© 2024
Virginia's Public Radio
Play Live Radio
Next Up:
0:00 0:00
Available On Air Stations

Necessary Recycling: Projects & Products

Every year, 250 million inner tubes from tires are tossed into landfills.  It’s an environmental problem, but it’s also a business opportunity. 

America’s highways are filled with trucks that ride on tires, and when those wheels of rubber must be replaced, their inner tubes often end up in the trash.  That seemed a shame to Angela Greene.

“I stumbled upon a backpack that I really liked.  It was made of inner tubes, and we just became very interested in inner tubes, because they’re very pretty.”  

That’s because manufacturers emboss their tubes with various patterns to set themselves apart.  

“We’ve got some tubes literally have stars all over them, deep lines, and when we clean them up, they look like works of art.”

That’s Kenneth Kobrick, Greene’s partner in a company called Necessary Recycling. They started the business by delivering free coffee and donuts to tire stores around Richmond.  Owners happily passed along piles of old inner tubes.  Greene and Kobrick washed, cut and sewed them into wallets and card holders, backpacks, brief cases and bags of all kinds.

“A hi-tech security company contacted us.  They guarded politicians and high end people who go overseas.  They wanted a bag that didn’t look like it carried ammunition or weapons, so we took a normal messenger bag and expanded and outfitted it, so we’ve had everything from cosmetic bags to gun bags.”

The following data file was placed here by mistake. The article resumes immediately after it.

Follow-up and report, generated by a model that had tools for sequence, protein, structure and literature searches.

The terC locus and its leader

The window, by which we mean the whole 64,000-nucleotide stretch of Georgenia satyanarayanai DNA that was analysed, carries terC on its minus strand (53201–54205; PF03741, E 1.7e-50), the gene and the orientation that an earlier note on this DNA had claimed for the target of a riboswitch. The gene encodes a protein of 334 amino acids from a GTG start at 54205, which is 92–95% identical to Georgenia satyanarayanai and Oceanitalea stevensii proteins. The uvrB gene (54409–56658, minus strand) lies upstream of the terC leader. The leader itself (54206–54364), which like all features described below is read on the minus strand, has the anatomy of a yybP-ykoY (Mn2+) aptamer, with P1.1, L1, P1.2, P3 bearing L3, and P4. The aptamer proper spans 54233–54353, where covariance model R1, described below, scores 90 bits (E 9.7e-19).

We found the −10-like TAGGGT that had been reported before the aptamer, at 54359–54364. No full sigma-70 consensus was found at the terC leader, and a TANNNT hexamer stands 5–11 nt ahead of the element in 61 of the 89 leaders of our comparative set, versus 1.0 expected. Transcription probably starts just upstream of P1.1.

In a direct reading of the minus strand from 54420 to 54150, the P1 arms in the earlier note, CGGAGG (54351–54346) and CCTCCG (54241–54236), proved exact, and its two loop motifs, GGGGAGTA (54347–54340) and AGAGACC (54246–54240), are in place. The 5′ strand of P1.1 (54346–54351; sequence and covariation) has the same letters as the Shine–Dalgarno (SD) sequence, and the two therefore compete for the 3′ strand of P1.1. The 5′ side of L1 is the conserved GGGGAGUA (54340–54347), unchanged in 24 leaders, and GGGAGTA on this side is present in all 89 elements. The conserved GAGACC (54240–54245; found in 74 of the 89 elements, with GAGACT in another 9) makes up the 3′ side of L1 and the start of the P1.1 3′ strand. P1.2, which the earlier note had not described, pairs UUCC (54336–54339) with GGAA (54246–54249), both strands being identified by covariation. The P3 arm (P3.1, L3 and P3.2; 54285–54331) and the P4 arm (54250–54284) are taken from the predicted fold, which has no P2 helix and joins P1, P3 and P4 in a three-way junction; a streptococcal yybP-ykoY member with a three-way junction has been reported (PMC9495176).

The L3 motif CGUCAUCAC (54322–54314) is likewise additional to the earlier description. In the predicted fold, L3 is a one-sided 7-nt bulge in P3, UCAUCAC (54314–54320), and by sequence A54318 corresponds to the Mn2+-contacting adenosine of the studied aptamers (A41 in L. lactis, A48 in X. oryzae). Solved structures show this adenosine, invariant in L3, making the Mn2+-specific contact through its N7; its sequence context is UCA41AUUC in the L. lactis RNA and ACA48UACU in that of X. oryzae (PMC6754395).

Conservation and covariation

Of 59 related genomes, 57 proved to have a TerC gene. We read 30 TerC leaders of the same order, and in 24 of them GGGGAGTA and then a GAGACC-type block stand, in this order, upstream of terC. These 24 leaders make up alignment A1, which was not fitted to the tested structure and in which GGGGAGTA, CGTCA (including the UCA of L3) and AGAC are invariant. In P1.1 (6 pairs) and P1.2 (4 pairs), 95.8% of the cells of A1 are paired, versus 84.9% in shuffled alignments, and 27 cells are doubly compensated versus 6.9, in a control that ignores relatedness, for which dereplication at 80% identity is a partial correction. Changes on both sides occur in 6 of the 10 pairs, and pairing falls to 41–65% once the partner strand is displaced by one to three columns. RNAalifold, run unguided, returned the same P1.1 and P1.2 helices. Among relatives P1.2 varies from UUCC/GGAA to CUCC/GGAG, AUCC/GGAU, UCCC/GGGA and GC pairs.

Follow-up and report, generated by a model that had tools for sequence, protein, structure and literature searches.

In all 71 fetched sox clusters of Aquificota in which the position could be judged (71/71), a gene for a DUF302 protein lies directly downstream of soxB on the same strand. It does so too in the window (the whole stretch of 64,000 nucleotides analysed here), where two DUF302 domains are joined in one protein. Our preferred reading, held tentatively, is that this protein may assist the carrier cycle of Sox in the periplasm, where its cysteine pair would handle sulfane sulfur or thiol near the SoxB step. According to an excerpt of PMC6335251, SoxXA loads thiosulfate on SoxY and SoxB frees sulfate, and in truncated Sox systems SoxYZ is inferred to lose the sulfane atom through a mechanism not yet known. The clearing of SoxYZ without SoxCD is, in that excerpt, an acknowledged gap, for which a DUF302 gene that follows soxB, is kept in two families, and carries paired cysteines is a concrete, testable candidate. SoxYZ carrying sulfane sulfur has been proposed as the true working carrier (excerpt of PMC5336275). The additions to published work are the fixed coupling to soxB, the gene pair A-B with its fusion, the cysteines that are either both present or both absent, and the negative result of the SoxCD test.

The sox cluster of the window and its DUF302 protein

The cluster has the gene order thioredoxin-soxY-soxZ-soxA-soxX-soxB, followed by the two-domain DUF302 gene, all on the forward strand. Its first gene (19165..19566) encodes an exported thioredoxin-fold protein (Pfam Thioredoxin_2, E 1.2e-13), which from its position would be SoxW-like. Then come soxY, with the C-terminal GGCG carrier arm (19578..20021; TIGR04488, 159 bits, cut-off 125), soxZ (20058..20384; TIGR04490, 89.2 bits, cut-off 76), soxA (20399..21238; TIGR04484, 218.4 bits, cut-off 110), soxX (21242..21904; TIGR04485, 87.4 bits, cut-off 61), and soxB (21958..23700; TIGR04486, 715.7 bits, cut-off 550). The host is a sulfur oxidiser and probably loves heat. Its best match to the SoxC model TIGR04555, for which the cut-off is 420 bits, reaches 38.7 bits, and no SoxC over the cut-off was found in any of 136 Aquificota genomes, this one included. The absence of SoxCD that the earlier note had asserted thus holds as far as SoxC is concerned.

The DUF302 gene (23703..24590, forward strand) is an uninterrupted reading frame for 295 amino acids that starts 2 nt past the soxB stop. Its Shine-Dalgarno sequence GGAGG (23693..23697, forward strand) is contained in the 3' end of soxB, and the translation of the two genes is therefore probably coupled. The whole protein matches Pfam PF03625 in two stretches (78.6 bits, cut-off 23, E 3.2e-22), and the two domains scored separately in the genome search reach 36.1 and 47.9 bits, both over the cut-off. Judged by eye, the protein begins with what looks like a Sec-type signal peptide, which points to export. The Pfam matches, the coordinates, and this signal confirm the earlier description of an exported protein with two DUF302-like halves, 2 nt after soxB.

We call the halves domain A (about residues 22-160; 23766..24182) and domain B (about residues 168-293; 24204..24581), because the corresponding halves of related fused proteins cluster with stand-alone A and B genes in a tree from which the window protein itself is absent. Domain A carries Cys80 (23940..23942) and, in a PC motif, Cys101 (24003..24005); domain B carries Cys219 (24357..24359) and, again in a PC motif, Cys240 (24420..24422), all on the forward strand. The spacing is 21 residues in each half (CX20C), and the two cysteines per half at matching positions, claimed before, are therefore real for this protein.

At first they designed women’s purses as well, but it was soon apparent that making men’s accessories was easier.

“Most of our customers, well about 50%, were men.  Men spend a lot of bags and accessories.  They’ve outspent men for the last few years.A man’s bag too, we don’t have to deal with so many seasonal colors, which we would with a fashion purse.  Black and brown and a guy is satisfied.”

Soon after their founding in 2003, Greene and Kobrick began running out of raw materials, so they went online and requested cast-off inner tubes from as far away as Texas.  Today, they have 90 tons stored in their suburban Richmond barn.

“We one day had received a call at 8 o’clock in the morning, and the truck driver said, ‘So where are you located, and he had five tons.  We were expecting them a few months down the line, but they just ended up in the yard.  The pile was about six feet high, and there were probably 2,500 tubes in the pile, and it was 96 that day, so we had to put all those tubes in wheelbarrows and carry them over to our enclosed barn.  We don’t want them in the yard. We do have neighbors.”

And those neighbors might be alarmed by what they hear as Greene and Kobrick sort through the inner tubes.  It turns out they’re also popular with spiders.

“Black widows like real dark, damp places, and the inner tubes give them that.  The summer time we run into wood bees, and they just like to just hang around.  I’m allergic to bees, so it can make it really interesting.  There’s a lot of running involved.  Running and screaming.  We’re very popular in the neighborhood.”

Now you might expect these two to have degrees in business or fashion design.  In fact, Greene’s last job involved operating a forklift at a steel plant, and Kobrick works as a welder.  Still, they say their high-end bags are attractive enough and sell well enough that Necessary Recycling donates a significant portion of its profits to programs that benefit inner-city kids. 

Sandy Hausman is Radio IQ's Charlottesville Bureau Chief